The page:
On January 17, 1725 the General Assembly of Tolna County was presented with a deposition in the name Count von Mercy, the Governor of the Banat, with various suggestions to improve the County Administration.  The document, however, was signed by his nephew and heir Argentau.  During the sitting of the Assembly all of the points he raised were dealt with and denied.  Count von Mercy then approached the King through his adopted son and his proposals were forwarded to him.  They were once again denied.  Count von Mercy (or his heir) had proposed to strengthen the power of the landowning nobles over against the County Administration because the members of the County Administration had interests that conflicted with  the large landowning families.  They were all of the lesser nobility with small landholdings and “milked” the County for their own ends and advancement.  Both the higher nobility and churchmen along with the lesser nobles on their part claimed to hold the poor people’s best interests in mind in their decision-making.  On their part, the County Administration portrayed von Mercy as a rapacious landlord with no concern for his settlers with whom he had often broken his contracts.  The inhabitants of Kӧlesd complained to the County that the prairie of Tormás which had been granted to them in their settlement contract had been taken away from them and given to the recently arrived Germans who founded Kistormás.  Because of complaining to the County Administration the villagers of  Kӧlesd were being threatened with resettlement elsewhere which the County sought to hinder.  Another issue which played a major role in this quarrel was the Varsád Memorial mentioned earlier in which they claimed von Mercy had not met his obligations as outlined in their contract.


  As noted before the County appointed a commission to investigate the charges and a disturbing picture emerges.  These German peasants on the von Mercy Domains could not consolidate and stabilize their life and existence there and were prepared to return to their homeland because their noble master did not fulfill his obligations to them.  How personally involved or aware von Mercy was of this quarrel is hard to determine.


  The matter of the settlement of the “illegal” Protestant settlers who did not have an Imperial pass to go on to the Banat had little to do with the personal sympathy of the landlords.  The nobleman, János Meszelényi, guaranteed that his Hungarian settlers were free to practice their Lutheran faith and build a church in his contract with them on June 11, 1722.  This was in Gyӧrkӧny.  German Protestants were also welcome on the estates of the Magyary-Kossa family in Gyӧnk and the estates of István Szekélyi in Varsád.  All three of these noblemen were Protestants and before the German settlers arrived in Varsád and Gyӧnk there were Magyar Calvinists already residing there.  There were German Protestants who were settled by Styrum-Limberg in Nagyszékely.  Sinzendorf in Kismányok.  Eszterházy in Tófü.  Ferenc Kun in all of his villages.  They were simply more tolerant and had an ecumenical attitude unlike the zealous Roman Catholic clergy.  But of course the major settler of German Lutherans in Tolna County was Count von Mercy in the numerous villages that he established with them.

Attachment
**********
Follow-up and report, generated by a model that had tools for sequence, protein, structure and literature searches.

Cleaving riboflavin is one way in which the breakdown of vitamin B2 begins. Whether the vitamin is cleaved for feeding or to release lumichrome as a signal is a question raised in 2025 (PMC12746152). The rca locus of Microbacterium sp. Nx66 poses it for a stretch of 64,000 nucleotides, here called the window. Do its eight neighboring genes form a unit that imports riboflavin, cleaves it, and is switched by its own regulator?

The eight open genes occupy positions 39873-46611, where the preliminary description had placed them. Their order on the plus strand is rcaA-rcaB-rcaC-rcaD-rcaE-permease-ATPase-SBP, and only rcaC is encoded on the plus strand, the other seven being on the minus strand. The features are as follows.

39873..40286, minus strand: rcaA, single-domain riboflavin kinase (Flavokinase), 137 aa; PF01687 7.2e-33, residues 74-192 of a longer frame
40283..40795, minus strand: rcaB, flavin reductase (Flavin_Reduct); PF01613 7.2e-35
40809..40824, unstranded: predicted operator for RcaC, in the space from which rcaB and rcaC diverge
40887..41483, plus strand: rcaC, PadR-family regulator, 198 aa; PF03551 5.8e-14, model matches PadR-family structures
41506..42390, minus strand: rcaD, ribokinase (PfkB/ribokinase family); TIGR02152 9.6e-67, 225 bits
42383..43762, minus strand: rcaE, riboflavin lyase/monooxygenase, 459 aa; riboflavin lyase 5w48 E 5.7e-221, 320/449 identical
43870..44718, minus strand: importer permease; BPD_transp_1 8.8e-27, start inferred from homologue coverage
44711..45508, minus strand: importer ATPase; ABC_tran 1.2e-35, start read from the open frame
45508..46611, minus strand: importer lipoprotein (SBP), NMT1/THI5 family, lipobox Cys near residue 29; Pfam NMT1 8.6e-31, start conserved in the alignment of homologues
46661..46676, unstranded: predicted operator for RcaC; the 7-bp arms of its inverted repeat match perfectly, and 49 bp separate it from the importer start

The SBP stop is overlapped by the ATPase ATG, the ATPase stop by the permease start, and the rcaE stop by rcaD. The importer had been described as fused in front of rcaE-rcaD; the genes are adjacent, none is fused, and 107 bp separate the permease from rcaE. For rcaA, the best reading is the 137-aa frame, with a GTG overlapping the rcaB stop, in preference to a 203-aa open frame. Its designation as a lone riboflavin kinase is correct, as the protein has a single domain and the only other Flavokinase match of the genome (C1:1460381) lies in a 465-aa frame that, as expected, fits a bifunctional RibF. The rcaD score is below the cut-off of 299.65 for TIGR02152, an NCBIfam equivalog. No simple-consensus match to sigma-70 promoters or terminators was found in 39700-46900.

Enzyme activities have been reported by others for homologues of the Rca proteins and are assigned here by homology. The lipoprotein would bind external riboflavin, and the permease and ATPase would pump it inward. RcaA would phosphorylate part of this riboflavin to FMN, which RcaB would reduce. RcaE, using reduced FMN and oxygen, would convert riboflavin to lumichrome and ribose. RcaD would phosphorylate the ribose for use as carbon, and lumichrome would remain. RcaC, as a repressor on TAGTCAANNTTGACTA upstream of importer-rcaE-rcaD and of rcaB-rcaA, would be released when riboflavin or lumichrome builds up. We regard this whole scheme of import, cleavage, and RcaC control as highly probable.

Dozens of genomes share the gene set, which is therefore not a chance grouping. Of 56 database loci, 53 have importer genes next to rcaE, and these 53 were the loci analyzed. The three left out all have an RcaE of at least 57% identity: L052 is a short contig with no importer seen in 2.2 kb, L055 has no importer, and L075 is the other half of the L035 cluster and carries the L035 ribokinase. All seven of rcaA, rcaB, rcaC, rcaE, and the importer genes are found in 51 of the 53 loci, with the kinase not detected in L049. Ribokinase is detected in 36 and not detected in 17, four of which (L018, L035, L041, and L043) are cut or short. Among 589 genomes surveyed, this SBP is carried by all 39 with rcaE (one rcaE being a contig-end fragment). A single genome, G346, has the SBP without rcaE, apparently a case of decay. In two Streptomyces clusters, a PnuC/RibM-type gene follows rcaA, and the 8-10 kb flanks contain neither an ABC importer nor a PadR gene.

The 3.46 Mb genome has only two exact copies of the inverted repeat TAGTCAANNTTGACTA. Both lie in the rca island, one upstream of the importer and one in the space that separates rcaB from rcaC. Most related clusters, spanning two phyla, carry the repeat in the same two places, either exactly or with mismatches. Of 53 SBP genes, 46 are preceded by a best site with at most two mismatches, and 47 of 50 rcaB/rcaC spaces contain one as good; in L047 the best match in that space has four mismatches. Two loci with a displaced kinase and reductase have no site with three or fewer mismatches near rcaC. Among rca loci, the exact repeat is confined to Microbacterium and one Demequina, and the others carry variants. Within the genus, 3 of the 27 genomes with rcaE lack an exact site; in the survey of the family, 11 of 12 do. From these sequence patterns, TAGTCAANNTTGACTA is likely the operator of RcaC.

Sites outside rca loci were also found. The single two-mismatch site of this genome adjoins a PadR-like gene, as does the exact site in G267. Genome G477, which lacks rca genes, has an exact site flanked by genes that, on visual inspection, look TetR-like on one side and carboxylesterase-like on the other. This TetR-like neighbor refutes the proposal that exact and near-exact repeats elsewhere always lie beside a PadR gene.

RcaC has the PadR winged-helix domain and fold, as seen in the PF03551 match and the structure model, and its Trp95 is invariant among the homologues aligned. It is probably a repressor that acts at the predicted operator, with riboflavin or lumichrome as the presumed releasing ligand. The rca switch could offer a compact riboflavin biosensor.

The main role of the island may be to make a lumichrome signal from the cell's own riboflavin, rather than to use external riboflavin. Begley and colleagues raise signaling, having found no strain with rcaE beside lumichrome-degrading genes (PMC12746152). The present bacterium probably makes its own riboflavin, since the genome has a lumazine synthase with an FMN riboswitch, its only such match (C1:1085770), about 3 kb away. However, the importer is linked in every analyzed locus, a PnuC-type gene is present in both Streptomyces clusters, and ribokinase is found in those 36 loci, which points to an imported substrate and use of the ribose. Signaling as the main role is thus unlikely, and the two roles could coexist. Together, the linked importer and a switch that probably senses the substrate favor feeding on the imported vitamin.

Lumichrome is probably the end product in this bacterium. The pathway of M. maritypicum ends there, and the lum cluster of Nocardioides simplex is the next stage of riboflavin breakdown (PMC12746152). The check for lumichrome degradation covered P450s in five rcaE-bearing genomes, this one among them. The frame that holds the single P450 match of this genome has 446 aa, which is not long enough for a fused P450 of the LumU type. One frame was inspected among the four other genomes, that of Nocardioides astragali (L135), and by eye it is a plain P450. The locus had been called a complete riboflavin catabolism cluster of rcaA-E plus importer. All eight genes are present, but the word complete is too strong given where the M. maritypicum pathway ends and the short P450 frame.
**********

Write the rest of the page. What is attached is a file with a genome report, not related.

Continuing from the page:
There are notable variations of the story of how the Reformed settlers in Kismányok left there in 1721/1722 because of differences they had with the Lutherans.  They responded to an invitation from Styrum-Limberg to settle in Nagyszékely which they left the same year in which they arrived because they were offered no land or house lot and moved to Gyӧnk to join Magyar Calvinists who lived there and were warmly welcomed by Peter Magyari-Kossa, who was not only a nobleman but also a Superintendent (bishop) of the Hungarian Reformed Church.


  The source of this story was in an address given by the pastor of Gyӧnk, Joszef Por in 1877 in celebration of the 100th anniversary of the building of the Reformed Church describing events that took place 150 years before.  But what were his sources?


  There is a contract Count von Mercy signed with the residents in Kismányok dated in 1722.  The second document is a clear statement of the Count’s religious position in terms of his settlements.  On May 7, 1722 two representatives from Kismányok came to Apar to put their case before their new landlord and requested permission to call and install a Lutheran pastor to serve them.  He agreed to that to the limit of his authority and the laws of Hungary.  There is a further document from 1724 in which the terms for the pastor’s keep is outlined which is the same as for priests in the Roman Catholic villages.


  Even though Count von Mercy is mentioned with all of his various titles, his adoptive son is the one who actually signed the document a clear indication that he was acting on his uncle’s behalf in these matters and the Governor of the Banat was far removed from the parochial concerns of his settlers in the Tolna.